Meeting an ever-increasing demand for food, feed, and fuel and managing wastes have become a major global challenge in ever-increasing urbanized and populated societies. This project proposed the use of biodegradable urban sold wastes as animal feed resources, compost for crop and biogas production in Hawassa city, which is anticipated to resolve the dual burden of our society: the burden of urban wastes to the environment and society, and also lack/price of inputs for agriculture and energy production. A multidisciplinary research approach encompassing five interlinked project components was proposed. Classical unlined sanitary landfills and open dumps are well known to release large amounts of hazardous and otherwise deleterious chemicals to nearby groundwater, surface water, soil, and also to the air via leachate and landfill gases.
Sub-component I of this project studied the impacts of ‘solid waste landfill in Hawassa city’ on water and soil qualities and associated impacts on surrounding residents. In sub-project II, the volume, nutritional qualities, and safety, as well as economic values of urban solid wastes as animal feeds, were quantified from various sources that included residence households (HW), Hospitalities/restaurants (RW), Hawassa University student cafeterias (HUC), open vegetable and fruits markets (VFW), and fish markets on Hawassa lake side (FW). This survey was followed by nutritional composition analysis and trials on experimental animals (broiler chicken and dairy goats) for performance and product quality analysis. In sub-project III, various types of composts were prepared from urban solid waste and evaluated the nutritive qualities (physicochemical, nutrient composition & heavy or trace metal concentration) as important fertilizer for crop production. Various agronomic experiments were held using composts and bio-slurries collected from Hawassa city and applied on field crops with varying rates to see the combined and singular effects of synthetic and bio-compost fertilizer on crop production. In sub-project IV, the opportunities of urban solid waste for making biogas were studied. Feasibilities of small and large scale biogas production, economic and efficiencies in resource use efficiencies were evaluated. In sub-project V, the socio-economic implications of using urban waste as animal feed, compost, and biogas production were analyzed. Finally, as sub-project VI, the safety, quality, and acceptability of foods produced from animal products and field crop/horticultural products were analyzed for their safety.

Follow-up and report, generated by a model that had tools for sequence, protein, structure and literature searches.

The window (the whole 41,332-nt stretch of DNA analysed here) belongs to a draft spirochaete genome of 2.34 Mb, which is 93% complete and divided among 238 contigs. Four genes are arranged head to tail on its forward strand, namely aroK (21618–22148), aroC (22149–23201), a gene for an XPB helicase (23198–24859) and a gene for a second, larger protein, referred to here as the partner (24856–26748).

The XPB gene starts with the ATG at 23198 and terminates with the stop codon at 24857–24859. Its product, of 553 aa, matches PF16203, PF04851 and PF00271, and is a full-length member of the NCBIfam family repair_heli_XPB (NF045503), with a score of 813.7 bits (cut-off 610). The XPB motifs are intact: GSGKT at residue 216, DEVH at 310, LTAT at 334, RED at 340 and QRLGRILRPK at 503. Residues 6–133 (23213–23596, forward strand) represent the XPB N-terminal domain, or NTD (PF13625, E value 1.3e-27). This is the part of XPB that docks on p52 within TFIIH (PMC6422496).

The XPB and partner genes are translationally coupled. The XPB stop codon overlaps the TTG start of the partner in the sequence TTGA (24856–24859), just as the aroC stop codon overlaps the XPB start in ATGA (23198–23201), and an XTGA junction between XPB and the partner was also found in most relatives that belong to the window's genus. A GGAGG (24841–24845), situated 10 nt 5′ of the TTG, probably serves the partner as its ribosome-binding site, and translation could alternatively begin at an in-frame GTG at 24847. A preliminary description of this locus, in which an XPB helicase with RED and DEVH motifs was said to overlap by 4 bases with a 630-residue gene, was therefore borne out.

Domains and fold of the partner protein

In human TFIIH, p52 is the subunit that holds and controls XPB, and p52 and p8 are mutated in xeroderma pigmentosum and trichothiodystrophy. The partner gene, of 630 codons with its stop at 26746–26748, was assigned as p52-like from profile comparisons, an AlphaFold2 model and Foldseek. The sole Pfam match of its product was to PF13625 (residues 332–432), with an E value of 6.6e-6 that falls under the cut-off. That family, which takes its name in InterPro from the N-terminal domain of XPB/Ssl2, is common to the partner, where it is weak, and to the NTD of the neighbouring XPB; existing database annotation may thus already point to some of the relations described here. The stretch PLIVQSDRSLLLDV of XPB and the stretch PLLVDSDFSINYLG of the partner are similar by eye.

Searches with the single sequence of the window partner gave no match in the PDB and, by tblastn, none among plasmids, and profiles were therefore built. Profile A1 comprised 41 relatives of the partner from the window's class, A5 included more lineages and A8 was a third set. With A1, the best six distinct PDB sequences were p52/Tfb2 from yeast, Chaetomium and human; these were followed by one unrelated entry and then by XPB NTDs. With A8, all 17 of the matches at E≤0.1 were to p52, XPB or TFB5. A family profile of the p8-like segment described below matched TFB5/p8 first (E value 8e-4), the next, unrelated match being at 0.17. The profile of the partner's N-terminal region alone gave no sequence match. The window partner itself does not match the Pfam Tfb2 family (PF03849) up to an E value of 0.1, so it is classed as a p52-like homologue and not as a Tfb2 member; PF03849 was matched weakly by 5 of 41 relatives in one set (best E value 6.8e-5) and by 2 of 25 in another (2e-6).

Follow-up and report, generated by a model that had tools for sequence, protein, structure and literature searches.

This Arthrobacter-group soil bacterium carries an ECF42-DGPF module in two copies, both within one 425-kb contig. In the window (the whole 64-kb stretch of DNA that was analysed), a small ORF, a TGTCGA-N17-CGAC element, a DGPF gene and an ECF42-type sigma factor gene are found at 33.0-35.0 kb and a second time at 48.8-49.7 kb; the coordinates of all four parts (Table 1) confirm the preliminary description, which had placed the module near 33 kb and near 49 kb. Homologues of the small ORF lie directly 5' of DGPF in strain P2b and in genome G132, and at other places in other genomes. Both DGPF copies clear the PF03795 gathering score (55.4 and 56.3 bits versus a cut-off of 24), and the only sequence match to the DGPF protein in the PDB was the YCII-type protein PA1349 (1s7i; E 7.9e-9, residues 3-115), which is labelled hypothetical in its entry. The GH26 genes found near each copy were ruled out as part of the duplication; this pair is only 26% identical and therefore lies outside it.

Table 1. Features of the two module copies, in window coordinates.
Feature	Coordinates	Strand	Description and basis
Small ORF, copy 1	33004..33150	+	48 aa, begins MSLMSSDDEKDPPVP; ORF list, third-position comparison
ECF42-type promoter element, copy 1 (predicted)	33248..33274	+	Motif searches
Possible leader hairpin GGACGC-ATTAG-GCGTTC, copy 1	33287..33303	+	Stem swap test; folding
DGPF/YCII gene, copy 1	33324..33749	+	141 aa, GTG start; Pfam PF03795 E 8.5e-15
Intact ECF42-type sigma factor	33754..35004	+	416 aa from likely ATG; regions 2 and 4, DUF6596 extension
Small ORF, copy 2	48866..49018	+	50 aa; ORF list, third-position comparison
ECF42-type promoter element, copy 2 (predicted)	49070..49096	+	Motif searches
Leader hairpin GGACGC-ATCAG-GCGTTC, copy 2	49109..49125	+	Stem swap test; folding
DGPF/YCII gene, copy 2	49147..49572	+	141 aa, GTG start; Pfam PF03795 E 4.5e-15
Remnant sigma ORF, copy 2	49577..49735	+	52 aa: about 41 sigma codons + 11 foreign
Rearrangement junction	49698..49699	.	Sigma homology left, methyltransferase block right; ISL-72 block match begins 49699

Strategies on how to safely collect, sort, and properly utilize organic solid waste for livestock feeds, compost making for field crops, and biogas production have been identified and reported. This research project followed a multidisciplinary approach, encompassing 18 academic staff from four schools of the College of Agriculture, IoT, and Wondo Genet College of Forestry and Natural Resources. Eight MSc students were financially and technically supported for their writing (research projects), and five peer-reviewed articles have been published until the reporting period, still, Co-PIs are producing many more articles for publications.
Overall, the present thematic research project has shown the potential of utilizing urban waste for food and energy production. The 3 experiments on food and horticultural crops have shown the huge potential of bio-slurry and composts made from urban wastes. Most agronomic and nutrient content analyses have shown the potential of urban waste as a substitution for inorganic fertilizers. The two animal experiments on broiler chicken and milk goats by incorporating urban waste as a substitute to conventional feeds, at various levels of inclusion, have shown an improved production on broiler and milk production. However, the biosafety study on the foods produced from urban wastes, as composts to crops or feeds to animals should be carefully handled due to heavy metals and pathogenic micrograms found on the foods produced from the same.
The studies Overall, one of the most difficult bottlenecks to urban waste is that wastes are disposed of all along with plastics, metals, papers, and even radioactive substances. A very strong policy and its enforcement should be in place in order to encourage waste separations (starting from the initial waste sources). Thereafter, different types of wastes should be transported and managed in different process lines. Due to economies of scale, the private sector may be encouraged to process organic wastes, plastic wastes, paper wastes, glass wastes which all, on the one hand, helps to safeguard the environment and residents, and on the other hand, these wastes could create a great economic opportunity in terms of job creations, income for many. Hawassa University, as a key institution in the city, could embrace and initiate a platform where key stakeholders could collectively and systematically tackle the key bottlenecks in the area.